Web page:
The insurance check didn’t arrive until after Christmas, but my good friend Chuck Larson figured that was perfect timing. None of his settlement would be siphoned off to give some distant nephew an extra-special holiday. Now Chuck had cash in hand before boat-show season.
“What do you think about a center console boat?” Chuck asked me one January evening as we huddled in the warm embrace of the Lake View Inn, our refuge from a subzero blast swooping down from Canada to test the cold-cranking amps of every truck battery in the Northwoods.
“Hard to beat the versatility, and I love standing at the helm,” I replied. “But a center console does not exactly fit our décor. People might think you just moved up from Florida.”
Chuck stared into his beer and melancholy tinged his voice.
“We caught a lot of fish from the old Yar-Craft …”
Oh geez, here we go. Get ready for an hour of mourning the lost boat and all the memories it carried. The demise of the Yar-Craft is a great story. And I am not making this up.
In our neck of the woods it is not unusual at all to store a boat for the offseason in an old dairy barn. For $120 Chuck and 10 other boat or camper owners secured space for six months on the upper floor of the aging but sturdy barn at Bob Nowak’s place. It’s been 30 years since a teat was pulled at the Nowak farm, but the red barn still had a solid, weatherproof roof. Chuck dropped off the shrink-wrapped Yar-Craft in October.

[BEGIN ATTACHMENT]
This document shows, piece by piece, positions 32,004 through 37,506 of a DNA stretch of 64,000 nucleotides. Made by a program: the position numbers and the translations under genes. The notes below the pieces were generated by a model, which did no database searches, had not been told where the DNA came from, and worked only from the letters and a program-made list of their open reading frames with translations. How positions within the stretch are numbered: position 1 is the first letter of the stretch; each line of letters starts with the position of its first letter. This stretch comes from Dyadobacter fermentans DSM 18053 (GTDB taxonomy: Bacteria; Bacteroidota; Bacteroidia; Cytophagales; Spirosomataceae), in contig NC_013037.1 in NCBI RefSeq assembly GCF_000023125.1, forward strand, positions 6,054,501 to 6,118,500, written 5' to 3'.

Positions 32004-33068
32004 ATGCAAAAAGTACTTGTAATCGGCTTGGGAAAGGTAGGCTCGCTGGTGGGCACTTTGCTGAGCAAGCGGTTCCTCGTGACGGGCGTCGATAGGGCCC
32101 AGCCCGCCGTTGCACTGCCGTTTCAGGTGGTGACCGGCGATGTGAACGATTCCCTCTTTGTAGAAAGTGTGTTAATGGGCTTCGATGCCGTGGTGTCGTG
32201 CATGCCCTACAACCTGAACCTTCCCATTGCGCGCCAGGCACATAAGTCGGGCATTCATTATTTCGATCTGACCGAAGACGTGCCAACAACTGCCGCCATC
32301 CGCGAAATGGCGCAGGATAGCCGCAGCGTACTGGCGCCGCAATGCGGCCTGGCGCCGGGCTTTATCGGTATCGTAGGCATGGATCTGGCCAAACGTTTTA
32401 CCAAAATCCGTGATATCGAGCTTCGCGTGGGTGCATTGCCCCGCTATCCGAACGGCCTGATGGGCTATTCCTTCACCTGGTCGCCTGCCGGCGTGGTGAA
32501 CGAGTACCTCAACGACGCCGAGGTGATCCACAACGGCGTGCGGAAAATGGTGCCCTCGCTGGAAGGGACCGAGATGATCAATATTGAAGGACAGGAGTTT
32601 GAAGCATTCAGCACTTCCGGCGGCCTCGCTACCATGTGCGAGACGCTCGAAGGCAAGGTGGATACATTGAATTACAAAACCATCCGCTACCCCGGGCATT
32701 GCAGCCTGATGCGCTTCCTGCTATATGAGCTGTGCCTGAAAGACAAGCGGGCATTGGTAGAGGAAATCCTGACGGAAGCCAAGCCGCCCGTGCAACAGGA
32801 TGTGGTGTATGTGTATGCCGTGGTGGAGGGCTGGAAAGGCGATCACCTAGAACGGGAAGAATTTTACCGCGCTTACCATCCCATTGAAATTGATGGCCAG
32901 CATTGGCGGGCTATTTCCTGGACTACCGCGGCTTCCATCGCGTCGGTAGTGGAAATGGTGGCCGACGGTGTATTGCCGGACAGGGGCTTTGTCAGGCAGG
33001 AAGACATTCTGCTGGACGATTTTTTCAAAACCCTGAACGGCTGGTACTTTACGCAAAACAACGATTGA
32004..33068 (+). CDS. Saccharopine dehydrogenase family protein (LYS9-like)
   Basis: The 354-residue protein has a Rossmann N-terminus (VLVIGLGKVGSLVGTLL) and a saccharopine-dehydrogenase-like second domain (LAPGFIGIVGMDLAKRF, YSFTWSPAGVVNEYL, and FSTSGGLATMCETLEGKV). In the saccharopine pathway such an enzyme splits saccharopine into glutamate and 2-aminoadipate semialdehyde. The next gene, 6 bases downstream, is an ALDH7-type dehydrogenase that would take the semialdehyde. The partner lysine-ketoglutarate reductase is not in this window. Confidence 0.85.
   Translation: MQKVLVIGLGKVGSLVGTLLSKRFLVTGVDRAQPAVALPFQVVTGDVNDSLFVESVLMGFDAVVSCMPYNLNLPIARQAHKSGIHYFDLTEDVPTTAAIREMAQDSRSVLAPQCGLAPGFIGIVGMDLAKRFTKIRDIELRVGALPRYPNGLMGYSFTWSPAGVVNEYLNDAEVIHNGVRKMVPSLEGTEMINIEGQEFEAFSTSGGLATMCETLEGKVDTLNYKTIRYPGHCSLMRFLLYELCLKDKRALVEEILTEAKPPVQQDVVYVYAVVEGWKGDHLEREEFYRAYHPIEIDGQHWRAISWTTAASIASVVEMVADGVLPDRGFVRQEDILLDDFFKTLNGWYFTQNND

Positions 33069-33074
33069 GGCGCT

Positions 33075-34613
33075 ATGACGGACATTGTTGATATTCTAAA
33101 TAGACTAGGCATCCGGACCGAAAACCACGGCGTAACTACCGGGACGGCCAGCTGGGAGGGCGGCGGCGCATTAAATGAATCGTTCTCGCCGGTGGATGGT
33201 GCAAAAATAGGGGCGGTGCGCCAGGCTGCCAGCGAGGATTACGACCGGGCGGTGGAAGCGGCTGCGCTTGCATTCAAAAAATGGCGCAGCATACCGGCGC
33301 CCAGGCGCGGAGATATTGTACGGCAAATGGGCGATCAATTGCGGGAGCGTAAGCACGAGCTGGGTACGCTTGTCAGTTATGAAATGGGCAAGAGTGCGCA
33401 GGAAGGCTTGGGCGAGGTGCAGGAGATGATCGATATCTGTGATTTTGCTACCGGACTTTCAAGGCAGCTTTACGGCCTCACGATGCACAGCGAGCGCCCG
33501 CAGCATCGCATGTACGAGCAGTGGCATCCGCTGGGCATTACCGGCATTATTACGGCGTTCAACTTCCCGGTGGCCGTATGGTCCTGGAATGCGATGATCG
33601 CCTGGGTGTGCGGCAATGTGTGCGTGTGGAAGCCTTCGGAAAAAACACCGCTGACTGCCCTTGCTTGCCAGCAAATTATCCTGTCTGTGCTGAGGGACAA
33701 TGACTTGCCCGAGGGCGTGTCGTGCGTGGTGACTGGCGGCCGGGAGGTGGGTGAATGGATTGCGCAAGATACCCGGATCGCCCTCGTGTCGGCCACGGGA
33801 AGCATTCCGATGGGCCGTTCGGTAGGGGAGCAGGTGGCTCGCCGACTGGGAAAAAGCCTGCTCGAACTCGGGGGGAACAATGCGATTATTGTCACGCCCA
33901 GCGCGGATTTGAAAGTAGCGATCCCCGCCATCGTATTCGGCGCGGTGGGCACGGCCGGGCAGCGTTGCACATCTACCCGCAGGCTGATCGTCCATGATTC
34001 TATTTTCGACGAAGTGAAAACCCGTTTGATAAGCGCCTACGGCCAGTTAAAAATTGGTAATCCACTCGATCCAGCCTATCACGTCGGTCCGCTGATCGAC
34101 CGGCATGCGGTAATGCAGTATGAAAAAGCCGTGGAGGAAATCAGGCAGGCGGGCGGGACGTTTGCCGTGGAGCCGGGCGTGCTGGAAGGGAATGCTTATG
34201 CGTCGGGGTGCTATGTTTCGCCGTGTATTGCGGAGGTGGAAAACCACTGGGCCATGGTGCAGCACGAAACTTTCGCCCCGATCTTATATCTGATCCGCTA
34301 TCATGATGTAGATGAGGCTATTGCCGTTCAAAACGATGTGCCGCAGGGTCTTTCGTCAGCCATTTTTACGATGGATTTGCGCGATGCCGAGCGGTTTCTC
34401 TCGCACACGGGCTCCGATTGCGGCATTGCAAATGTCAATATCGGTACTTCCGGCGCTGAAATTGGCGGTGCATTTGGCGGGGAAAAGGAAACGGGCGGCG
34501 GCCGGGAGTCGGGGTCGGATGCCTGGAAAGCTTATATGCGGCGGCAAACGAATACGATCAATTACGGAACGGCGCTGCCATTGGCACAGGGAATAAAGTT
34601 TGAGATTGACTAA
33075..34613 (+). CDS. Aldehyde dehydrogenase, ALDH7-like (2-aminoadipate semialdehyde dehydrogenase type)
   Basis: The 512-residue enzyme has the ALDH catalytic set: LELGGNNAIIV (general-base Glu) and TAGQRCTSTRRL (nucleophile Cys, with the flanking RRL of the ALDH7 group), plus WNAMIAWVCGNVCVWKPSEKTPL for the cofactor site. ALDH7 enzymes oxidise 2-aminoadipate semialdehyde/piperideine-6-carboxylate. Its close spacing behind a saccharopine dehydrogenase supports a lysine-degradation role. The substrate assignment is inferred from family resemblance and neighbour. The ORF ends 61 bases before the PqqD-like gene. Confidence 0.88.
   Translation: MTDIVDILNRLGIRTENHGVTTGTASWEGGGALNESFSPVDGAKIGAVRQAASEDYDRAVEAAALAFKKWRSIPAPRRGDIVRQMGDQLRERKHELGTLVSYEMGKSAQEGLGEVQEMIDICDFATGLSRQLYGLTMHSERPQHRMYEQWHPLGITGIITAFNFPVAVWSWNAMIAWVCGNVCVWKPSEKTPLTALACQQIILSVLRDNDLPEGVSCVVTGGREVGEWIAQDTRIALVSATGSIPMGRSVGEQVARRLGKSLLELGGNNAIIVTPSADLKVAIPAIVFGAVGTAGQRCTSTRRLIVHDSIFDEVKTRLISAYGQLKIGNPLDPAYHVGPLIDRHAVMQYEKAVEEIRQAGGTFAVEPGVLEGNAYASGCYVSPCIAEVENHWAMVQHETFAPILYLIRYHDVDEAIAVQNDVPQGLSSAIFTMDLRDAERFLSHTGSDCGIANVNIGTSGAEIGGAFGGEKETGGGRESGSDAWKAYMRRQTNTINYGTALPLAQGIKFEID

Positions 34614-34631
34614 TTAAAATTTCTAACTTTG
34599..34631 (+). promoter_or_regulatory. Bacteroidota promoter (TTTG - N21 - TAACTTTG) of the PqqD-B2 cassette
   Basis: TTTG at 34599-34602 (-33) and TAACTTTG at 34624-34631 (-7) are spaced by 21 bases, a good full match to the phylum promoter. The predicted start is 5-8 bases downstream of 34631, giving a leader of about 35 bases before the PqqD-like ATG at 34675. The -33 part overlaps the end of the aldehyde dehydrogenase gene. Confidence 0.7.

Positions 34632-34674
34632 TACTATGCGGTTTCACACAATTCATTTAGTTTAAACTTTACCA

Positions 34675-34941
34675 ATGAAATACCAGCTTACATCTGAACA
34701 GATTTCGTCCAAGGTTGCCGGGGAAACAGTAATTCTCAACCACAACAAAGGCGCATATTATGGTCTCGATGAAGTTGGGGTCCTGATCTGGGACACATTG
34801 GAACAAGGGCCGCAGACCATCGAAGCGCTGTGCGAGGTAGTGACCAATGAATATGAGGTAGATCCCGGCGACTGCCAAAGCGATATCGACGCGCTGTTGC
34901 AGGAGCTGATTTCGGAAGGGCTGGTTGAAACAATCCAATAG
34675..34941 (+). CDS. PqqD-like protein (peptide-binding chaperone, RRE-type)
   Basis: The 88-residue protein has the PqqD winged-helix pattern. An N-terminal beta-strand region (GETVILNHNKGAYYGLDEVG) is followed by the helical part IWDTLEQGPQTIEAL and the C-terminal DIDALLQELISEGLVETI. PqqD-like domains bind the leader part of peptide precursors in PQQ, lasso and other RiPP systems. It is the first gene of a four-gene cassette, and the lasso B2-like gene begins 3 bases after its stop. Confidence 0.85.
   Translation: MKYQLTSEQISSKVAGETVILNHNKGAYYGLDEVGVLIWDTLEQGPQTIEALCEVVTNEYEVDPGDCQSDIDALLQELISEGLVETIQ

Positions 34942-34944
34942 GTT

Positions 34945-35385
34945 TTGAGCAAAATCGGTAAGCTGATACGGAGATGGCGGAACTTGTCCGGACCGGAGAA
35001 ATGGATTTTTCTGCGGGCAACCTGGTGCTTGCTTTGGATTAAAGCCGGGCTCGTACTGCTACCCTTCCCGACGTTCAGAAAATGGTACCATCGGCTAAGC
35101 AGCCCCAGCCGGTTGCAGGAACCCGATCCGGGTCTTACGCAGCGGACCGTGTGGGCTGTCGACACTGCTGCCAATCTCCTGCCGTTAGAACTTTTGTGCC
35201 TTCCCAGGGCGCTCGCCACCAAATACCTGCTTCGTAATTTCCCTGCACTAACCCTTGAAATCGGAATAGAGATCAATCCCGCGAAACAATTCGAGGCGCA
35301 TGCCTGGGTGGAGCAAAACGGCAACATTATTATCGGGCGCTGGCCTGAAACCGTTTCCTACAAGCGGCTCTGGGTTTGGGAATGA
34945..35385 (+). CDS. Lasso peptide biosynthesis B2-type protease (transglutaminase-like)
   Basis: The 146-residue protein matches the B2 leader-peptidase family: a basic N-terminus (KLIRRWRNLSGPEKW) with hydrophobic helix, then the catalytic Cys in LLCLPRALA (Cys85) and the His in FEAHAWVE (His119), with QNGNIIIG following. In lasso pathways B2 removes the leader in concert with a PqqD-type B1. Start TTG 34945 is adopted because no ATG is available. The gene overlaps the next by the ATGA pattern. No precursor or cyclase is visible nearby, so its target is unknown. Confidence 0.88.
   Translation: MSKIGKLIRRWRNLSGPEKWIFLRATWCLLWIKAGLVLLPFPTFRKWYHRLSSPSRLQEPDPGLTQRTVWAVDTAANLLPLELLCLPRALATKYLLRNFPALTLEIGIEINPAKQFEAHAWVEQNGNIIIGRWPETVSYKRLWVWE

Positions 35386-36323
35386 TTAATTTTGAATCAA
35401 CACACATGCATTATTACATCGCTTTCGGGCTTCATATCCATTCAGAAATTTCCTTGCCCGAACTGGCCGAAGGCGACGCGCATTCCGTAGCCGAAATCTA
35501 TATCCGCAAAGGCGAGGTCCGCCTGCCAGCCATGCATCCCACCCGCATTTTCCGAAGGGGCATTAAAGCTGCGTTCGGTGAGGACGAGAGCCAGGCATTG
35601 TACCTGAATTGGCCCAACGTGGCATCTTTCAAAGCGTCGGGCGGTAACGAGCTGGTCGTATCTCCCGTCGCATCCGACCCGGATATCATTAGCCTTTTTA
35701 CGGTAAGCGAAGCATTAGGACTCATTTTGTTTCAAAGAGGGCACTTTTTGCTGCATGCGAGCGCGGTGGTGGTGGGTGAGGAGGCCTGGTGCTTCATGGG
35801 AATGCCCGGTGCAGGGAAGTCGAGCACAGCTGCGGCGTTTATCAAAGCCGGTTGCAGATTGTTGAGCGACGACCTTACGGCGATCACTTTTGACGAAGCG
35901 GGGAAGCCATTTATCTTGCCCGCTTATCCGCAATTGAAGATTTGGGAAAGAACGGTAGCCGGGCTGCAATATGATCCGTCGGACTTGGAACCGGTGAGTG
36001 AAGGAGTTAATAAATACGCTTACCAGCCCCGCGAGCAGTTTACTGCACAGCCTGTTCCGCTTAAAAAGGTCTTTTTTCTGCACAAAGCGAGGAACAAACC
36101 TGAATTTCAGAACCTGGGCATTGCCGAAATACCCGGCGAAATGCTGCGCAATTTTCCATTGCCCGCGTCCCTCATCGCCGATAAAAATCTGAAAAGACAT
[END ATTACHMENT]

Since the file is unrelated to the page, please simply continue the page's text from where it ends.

The annual burning of the brush pile is a festivity Bob Nowak saves for early November. Sticks and branches, lumber scraps and perhaps a pallet or two accumulate on the pile all year, and as the days grow short, the bonfire seems like an offering of thanks for a good harvest. Except that Bob works at the bank, but whatever. Burning stuff is always fun.
This year, his son Bob Jr. brought some old gas. They poured that on the pile and, with great ceremony, tossed on a match. With a whoosh an orange blaze filled the twilight sky, and it was just a moment later that Bob noticed the flaming raccoon sprinting toward the barn.
The place was still smoldering when Chuck arrived the next morning, supposing that he might somehow find his trusty red-and-white Dardevle spoon in the remains of the barn, but that hope was dashed right through the windshield. Chuck just turned around and drove home. In a week, a big yellow backhoe was hired to bury the mess, and that was the end of the Yar-Craft. Chuck got little closure, but perhaps renewal will come to him at the Green Bay boat show. I’m watching the antique mall for a vintage Dardevle.